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  1. Abstract

    ZF proteins are ubiquitous eukaryotic proteins that play important roles in gene regulation. ZFs contain small domains made up of a combination of four cysteine and histidine residues and are classified on the basis of the identity of these residues and their spacing. One emerging class of ZFs are the Cys3His (or CCCH) class of ZFs. These ZFs play key roles in regulating RNA. In this minireview, an overview of the CCCH class of ZFs, with a focus on tristetraprolin (TTP), is provided. TTP regulates inflammation by controlling cytokine mRNAs, and there is an interest in modulating TTP activity to control inflammation. Two methods to control TTP activity are to target with exogenous metals (a “metals in medicine” approach) or to target with endogenous signaling molecules. Work that has been done to target TTP with Fe, Cu, Cd, and Au as well as with H2S is reviewed. This includes attention to new methods that have been developed to monitor metal exchange with the spectroscopically silent ZnIIincluding native electro‐spray ionization mass spectrometry (ESI‐MS), spin‐filter inductively coupled plasma mass spectrometry (ICP‐MS), and cryo‐electro‐spray mass spectrometry (CSI‐MS); along with fluorescence anisotropy (FA) to follow RNA binding.

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  2. Abstract

    H2S is a gaseous signaling molecule that modifies cysteine residues in proteins to form persulfides (P‐SSH). One family of proteins modified by H2S are zinc finger (ZF) proteins, which contain multiple zinc‐coordinating cysteine residues. Herein, we report the reactivity of H2S with a ZF protein called tristetraprolin (TTP). Rapid persulfidation leading to complete thiol oxidation of TTP mediated by H2S was observed by low‐temperature ESI‐MS and fluorescence spectroscopy. Persulfidation of TTP required O2 , which reacts with H2S to form superoxide, as detected by ESI‐MS, a hydroethidine fluorescence assay, and EPR spin trapping. H2S was observed to inhibit TTP function (binding to TNFα mRNA) by an in vitro fluorescence anisotropy assay and to modulate TNFα in vivo. H2S was unreactive towards TTP when the protein was bound to RNA, thus suggesting a protective effect of RNA.

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  5. Municipal drinking water, regulated by the Environmental Protection Agency via the Safe Drinking Water act, has long been assumed to be contaminant-free. However, crises related to drinking water have emerged, most notably the “Flint Water Crisis” in Flint, MI, where high levels of lead (Pb) were detected in the area’s water. Much of the water-sampling data collected in Flint was obtained by “Citizen Scientists” working closely with a team of researchers at Virginia Tech, who used the analytical technique of Inductively Coupled Plasma Mass Spectrometry (ICP-MS) to quantify metal ions present in the water. Inspired by these efforts, we developed adaptable public water testing outreach efforts, led by students in Baltimore city (Middle School, High School, and College), to test the city’s drinking water. These “student-scientists” read news and scientific articles to understand the public health impact of lead in drinking water and the analytical approaches scientists use to detect metal ions in water. The students then developed a written “water collection protocol” and sought participation from colleagues (other students, faculty, and staff) who collected their home drinking water to be tested. The student scientists prepared and analyzed samples for lead (Pb) as well as copper (Cu), iron (Fe), and zinc (Zn) metal ions commonly found in drinking water, to be tested via ICP-MS. Data were then plotted onto a map of Baltimore City, with the metal levels indicated for each Zip code. This outreach event connects science to real-life news events while teaching analytical methodology and can be tailored to students at various stages of their education.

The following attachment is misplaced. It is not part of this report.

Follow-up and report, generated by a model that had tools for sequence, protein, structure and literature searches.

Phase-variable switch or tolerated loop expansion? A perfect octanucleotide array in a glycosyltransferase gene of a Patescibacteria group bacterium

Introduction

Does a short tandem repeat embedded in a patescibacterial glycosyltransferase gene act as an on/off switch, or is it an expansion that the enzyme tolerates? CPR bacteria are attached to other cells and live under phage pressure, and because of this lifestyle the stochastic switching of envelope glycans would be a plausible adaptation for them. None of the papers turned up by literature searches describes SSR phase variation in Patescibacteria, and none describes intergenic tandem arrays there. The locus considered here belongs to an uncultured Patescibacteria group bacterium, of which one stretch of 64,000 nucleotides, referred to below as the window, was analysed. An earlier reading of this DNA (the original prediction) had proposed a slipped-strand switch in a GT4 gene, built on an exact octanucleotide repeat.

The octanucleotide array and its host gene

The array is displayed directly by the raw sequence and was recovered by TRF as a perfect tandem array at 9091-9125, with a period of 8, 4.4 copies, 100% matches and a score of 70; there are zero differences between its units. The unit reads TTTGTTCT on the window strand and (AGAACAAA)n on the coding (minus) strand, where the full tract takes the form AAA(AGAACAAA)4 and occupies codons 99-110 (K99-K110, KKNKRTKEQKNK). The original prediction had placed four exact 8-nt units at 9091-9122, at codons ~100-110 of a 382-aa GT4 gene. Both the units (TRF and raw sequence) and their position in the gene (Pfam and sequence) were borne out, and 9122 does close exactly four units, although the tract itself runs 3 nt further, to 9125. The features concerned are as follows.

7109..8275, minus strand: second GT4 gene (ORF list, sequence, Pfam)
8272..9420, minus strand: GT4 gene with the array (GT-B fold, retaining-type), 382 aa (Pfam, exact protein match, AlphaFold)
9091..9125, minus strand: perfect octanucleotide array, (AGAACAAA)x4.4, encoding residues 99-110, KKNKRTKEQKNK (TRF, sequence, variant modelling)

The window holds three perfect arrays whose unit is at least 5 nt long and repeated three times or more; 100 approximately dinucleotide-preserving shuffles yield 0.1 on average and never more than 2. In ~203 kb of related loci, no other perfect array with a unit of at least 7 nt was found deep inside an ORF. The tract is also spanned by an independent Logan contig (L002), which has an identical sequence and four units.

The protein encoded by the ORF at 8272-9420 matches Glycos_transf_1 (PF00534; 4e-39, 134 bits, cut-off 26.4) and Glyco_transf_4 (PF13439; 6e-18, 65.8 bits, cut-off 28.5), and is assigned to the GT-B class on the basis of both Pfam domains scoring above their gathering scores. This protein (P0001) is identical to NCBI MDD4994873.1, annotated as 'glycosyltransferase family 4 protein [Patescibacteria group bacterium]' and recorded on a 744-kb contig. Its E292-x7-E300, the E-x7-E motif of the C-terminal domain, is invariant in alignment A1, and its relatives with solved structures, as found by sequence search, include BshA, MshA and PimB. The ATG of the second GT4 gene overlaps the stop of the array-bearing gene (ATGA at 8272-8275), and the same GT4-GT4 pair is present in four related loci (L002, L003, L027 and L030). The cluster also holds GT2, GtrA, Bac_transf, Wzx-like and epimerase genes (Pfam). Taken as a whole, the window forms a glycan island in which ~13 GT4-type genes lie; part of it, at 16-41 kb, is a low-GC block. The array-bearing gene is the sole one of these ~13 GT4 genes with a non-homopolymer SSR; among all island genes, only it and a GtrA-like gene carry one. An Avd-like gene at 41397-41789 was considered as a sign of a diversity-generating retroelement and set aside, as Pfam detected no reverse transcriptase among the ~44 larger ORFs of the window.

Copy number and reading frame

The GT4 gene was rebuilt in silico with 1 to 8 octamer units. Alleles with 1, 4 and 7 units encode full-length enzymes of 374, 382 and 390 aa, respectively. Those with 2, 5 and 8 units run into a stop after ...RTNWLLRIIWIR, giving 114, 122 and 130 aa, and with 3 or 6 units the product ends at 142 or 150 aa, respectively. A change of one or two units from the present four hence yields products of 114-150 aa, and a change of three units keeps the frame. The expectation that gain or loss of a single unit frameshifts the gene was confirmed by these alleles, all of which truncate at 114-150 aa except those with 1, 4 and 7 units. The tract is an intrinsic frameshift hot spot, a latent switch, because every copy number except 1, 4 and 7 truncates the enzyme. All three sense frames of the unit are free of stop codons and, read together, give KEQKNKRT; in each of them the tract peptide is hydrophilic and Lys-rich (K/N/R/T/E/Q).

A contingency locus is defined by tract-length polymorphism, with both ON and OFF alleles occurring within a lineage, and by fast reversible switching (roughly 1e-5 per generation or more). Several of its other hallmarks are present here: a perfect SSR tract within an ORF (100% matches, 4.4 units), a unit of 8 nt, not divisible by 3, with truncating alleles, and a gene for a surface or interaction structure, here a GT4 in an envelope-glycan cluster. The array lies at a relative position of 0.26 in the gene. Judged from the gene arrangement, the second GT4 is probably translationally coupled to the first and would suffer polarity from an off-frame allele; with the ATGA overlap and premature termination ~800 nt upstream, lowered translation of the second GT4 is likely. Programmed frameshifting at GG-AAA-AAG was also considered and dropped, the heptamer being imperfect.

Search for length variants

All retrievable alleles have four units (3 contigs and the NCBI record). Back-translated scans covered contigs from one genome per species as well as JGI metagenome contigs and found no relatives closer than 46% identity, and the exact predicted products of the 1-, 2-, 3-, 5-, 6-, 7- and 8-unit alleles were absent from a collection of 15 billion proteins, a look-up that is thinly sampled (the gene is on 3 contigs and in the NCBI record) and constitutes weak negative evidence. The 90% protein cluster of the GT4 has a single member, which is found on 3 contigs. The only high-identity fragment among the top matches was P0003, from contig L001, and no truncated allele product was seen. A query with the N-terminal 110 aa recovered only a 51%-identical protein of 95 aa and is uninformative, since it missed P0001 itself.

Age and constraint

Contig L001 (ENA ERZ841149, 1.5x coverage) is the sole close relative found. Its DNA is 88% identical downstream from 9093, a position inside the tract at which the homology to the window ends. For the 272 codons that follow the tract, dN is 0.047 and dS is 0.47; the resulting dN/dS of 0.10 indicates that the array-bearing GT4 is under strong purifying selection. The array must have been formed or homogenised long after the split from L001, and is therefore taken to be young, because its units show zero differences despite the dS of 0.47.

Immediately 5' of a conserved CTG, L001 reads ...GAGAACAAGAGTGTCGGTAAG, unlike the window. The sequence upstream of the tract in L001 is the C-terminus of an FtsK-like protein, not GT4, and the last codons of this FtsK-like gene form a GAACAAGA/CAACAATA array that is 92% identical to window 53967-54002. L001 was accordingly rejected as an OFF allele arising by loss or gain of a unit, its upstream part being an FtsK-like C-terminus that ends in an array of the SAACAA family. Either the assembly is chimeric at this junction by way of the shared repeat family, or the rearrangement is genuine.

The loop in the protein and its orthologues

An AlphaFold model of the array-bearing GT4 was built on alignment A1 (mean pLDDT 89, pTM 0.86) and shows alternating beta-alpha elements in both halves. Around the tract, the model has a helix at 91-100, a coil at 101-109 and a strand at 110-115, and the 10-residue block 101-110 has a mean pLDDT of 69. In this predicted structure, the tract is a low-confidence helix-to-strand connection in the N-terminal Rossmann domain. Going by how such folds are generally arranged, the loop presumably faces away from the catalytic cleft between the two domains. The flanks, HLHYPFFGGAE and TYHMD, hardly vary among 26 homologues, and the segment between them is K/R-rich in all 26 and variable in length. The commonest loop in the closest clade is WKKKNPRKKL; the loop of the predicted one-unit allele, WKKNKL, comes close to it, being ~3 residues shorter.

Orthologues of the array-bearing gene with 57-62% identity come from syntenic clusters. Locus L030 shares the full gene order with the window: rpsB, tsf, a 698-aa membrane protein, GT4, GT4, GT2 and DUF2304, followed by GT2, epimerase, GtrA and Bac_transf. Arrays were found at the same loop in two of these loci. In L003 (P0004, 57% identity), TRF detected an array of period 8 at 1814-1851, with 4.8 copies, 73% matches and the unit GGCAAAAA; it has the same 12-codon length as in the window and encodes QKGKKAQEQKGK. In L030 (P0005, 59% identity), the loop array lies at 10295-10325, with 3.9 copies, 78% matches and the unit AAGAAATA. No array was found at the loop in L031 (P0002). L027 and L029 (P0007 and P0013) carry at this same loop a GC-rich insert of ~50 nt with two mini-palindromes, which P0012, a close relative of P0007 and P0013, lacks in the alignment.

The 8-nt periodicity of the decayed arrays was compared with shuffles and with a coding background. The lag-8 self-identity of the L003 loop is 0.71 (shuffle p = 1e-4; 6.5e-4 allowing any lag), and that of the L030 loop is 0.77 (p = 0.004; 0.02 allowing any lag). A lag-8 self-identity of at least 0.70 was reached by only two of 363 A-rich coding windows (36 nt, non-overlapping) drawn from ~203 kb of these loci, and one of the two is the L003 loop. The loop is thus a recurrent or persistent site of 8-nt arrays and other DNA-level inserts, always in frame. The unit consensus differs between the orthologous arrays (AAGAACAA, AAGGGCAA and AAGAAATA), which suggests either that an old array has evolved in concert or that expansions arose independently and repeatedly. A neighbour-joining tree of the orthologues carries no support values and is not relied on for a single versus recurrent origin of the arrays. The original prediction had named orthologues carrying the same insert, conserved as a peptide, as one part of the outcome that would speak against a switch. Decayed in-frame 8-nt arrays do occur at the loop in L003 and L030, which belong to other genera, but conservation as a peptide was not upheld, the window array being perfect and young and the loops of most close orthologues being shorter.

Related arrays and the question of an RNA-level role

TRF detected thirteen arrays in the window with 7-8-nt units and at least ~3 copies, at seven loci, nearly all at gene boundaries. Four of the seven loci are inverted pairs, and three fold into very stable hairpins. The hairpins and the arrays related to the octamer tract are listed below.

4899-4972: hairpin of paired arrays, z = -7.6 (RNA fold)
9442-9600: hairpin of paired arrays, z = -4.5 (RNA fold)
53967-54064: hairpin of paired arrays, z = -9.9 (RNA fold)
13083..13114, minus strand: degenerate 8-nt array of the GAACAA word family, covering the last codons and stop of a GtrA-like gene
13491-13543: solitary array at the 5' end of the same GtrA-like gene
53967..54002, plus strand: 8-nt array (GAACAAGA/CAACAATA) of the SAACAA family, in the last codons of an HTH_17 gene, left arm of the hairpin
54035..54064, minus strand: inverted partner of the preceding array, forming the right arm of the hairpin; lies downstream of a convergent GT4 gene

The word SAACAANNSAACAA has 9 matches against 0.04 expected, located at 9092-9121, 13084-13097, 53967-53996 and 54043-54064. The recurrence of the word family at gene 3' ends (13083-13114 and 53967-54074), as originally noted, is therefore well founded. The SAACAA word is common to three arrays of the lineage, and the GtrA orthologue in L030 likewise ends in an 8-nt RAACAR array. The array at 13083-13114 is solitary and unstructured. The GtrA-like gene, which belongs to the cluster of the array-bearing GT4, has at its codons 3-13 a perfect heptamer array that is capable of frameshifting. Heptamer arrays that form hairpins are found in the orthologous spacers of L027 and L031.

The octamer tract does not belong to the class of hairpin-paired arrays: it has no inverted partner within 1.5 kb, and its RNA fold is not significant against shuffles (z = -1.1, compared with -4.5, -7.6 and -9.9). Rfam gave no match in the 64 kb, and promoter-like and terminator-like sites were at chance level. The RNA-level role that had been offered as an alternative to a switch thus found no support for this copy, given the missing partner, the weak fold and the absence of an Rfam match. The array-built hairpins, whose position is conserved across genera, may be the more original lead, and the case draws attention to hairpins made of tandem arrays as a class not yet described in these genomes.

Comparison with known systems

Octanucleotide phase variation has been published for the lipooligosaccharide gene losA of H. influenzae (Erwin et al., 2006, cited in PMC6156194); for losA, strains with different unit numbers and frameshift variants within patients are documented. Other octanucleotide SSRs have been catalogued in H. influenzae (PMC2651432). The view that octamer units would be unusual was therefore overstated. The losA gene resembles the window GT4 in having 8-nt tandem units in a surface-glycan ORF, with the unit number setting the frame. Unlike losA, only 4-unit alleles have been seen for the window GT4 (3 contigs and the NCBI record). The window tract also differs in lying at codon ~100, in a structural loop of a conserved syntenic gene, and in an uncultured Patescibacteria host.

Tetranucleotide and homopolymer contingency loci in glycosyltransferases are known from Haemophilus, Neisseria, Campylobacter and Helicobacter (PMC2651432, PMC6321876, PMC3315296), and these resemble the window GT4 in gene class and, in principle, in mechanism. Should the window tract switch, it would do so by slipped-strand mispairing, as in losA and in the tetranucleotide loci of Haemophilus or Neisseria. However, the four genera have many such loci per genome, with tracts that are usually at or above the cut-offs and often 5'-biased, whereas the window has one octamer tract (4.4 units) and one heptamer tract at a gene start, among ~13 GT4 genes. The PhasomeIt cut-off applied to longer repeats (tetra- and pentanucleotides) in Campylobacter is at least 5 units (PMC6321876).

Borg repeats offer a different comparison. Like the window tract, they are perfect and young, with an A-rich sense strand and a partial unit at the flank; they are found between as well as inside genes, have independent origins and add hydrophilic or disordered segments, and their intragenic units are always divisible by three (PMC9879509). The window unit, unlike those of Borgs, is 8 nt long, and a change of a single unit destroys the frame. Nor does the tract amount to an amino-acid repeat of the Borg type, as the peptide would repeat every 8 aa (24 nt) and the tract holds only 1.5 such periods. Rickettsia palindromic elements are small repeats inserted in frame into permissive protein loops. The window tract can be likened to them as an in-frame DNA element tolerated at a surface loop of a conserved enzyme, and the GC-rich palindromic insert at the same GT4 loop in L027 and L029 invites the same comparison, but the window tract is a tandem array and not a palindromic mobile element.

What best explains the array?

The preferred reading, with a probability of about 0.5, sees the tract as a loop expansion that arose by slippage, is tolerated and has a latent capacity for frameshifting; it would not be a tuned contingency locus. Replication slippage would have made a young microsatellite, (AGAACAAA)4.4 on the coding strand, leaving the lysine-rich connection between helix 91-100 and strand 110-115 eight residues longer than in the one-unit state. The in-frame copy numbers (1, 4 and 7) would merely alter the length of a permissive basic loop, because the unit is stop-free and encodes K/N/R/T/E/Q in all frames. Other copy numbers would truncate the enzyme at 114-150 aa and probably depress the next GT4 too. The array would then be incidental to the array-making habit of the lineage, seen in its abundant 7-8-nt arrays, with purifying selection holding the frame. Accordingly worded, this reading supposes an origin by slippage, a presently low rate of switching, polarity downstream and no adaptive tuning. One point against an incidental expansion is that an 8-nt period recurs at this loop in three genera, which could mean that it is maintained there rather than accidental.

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  6. Targeting Clostridium difficile infection is challenging because treatment options are limited, and high recurrence rates are common. One reason for this is that hypervirulent C. difficile strains often have a binary toxin termed the C. difficile toxin, in addition to the enterotoxins TsdA and TsdB. The C. difficile toxin has an enzymatic component, termed CDTa, and a pore-forming or delivery subunit termed CDTb. CDTb was characterized here using a combination of single-particle cryoelectron microscopy, X-ray crystallography, NMR, and other biophysical methods. In the absence of CDTa, 2 di-heptamer structures for activated CDTb (1.0 MDa) were solved at atomic resolution, including a symmetric ( Sym CDTb; 3.14 Å) and an asymmetric form ( Asym CDTb; 2.84 Å). Roles played by 2 receptor-binding domains of activated CDTb were of particular interest since the receptor-binding domain 1 lacks sequence homology to any other known toxin, and the receptor-binding domain 2 is completely absent in other well-studied heptameric toxins (i.e., anthrax). For Asym CDTb, a Ca 2+ binding site was discovered in the first receptor-binding domain that is important for its stability, and the second receptor-binding domain was found to be critical for host cell toxicity and the di-heptamer fold for both forms of activated CDTb. Together, these studies represent a starting point for developing structure-based drug-design strategies to target the most severe strains of C. difficile . 
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